They allegedly used malware to cause ATM machines to eject cash like slot machines
The United States Department of Justice (DOJ) has charged two men with bank fraud after they allegedly hacked ATM machines causing them to eject all their cash reserves like a Vegas slot machine. The attack, known as “jackpotting,” is usually carried out by perpetrators dressed as repair technicians to deploy malicious software and/or hardware, while others then exploit the hack to withdraw the cash on demand.
The two men, 31-year-old Spanish national Alex Alberto Fajin-Diaz and 21-year-old Argenys Rodriguez from Massachusetts were arrested on January 27th. Investigators contacted police who found Fajin-Diaz and Rodriguez near a compromised ATM that was dispensing $20 bills. When police searched the men’s vehicle, they found “tools and electronic devices consistent with items needed to compromise an ATM” as well as more than $9,000 in $20 bills. According to ArsTechnica, an early investigation showed that the ATM dispensed as much as $50,000.
A report from security journalist Brian Krebs last week outlined a Secret Service alert going into more detail about how jackpotting works. Thieves posing as technicians use a medical endoscope to locate an internal section of the ATM where they can attach a cord to sync their laptop with the ATM’s computer. The ATM then displays an out of service notice and is able to be controlled remotely. The thieves can force the machine to disperse its cash, which is then collected by “money mules.” Standalone ATMs like those located in pharmacies and big-box retailers are most at risk.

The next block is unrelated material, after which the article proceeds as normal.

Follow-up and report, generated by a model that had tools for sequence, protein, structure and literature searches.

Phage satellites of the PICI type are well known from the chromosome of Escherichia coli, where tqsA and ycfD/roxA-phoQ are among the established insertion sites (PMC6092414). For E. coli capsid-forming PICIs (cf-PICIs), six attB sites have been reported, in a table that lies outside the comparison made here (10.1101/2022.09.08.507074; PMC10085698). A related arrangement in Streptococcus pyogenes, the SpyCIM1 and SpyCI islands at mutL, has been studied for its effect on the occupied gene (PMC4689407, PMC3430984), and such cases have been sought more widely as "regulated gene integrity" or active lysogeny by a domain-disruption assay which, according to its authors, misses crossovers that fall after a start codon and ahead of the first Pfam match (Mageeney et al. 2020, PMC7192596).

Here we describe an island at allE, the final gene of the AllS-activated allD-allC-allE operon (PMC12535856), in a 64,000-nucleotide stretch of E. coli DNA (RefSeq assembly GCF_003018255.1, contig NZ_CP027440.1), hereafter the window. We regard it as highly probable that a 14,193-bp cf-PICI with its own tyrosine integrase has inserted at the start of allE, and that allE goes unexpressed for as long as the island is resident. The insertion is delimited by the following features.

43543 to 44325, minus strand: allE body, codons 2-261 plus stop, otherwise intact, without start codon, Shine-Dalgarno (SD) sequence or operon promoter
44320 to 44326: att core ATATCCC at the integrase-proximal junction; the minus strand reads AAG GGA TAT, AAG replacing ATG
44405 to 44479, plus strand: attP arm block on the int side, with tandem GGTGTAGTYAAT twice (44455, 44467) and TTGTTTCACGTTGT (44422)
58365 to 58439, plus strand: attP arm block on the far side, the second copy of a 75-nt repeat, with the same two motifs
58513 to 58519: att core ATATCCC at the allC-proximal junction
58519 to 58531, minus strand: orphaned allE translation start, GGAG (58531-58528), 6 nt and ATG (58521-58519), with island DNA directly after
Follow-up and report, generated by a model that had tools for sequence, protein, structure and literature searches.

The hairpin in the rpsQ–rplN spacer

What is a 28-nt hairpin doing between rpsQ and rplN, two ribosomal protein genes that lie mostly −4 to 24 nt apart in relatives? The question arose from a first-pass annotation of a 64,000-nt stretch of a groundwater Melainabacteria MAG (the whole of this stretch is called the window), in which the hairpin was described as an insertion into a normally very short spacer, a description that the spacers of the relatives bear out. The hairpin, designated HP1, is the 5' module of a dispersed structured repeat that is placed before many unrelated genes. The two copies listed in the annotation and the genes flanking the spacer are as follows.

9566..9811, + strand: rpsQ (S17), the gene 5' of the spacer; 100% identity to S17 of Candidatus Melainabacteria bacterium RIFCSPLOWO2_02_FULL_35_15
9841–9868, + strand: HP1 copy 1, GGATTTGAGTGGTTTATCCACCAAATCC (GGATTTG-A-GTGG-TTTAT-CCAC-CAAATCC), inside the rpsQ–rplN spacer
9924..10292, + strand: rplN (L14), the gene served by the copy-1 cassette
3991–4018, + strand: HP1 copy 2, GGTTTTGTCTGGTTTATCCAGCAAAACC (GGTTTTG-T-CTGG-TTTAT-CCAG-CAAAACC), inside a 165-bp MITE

2 Men Have Been Charged With ‘Jackpotting’ ATM Machines in New England
This video from the Black Hat USA conference in 2010 simulates a jackpotting attack:
According to the Hartford Courant, the two men allegedly impersonated ATM technicians and hacked a drive-up machine at the Citizens Bank in Cromwell, Conn. A police officer pulled over the two men in their car as they left the scene. A second police officer said he saw the ATM dispense a stack of $20 bills. The car they were driving was later connected to other jackpotting incidents in the region.
The Secret Service has confirmed that criminals have stolen $1 million in the U.S. through this type of attack and said the attacks are likely coordinated and possibly tied to international criminal syndicates. Though the memo said the majority of attacks have targeted stand-alone ATMs in pharmacies, big-box retailers, and drive-through ATMs that run on outdated software, there have also been successful attacks on ATMs running updated software.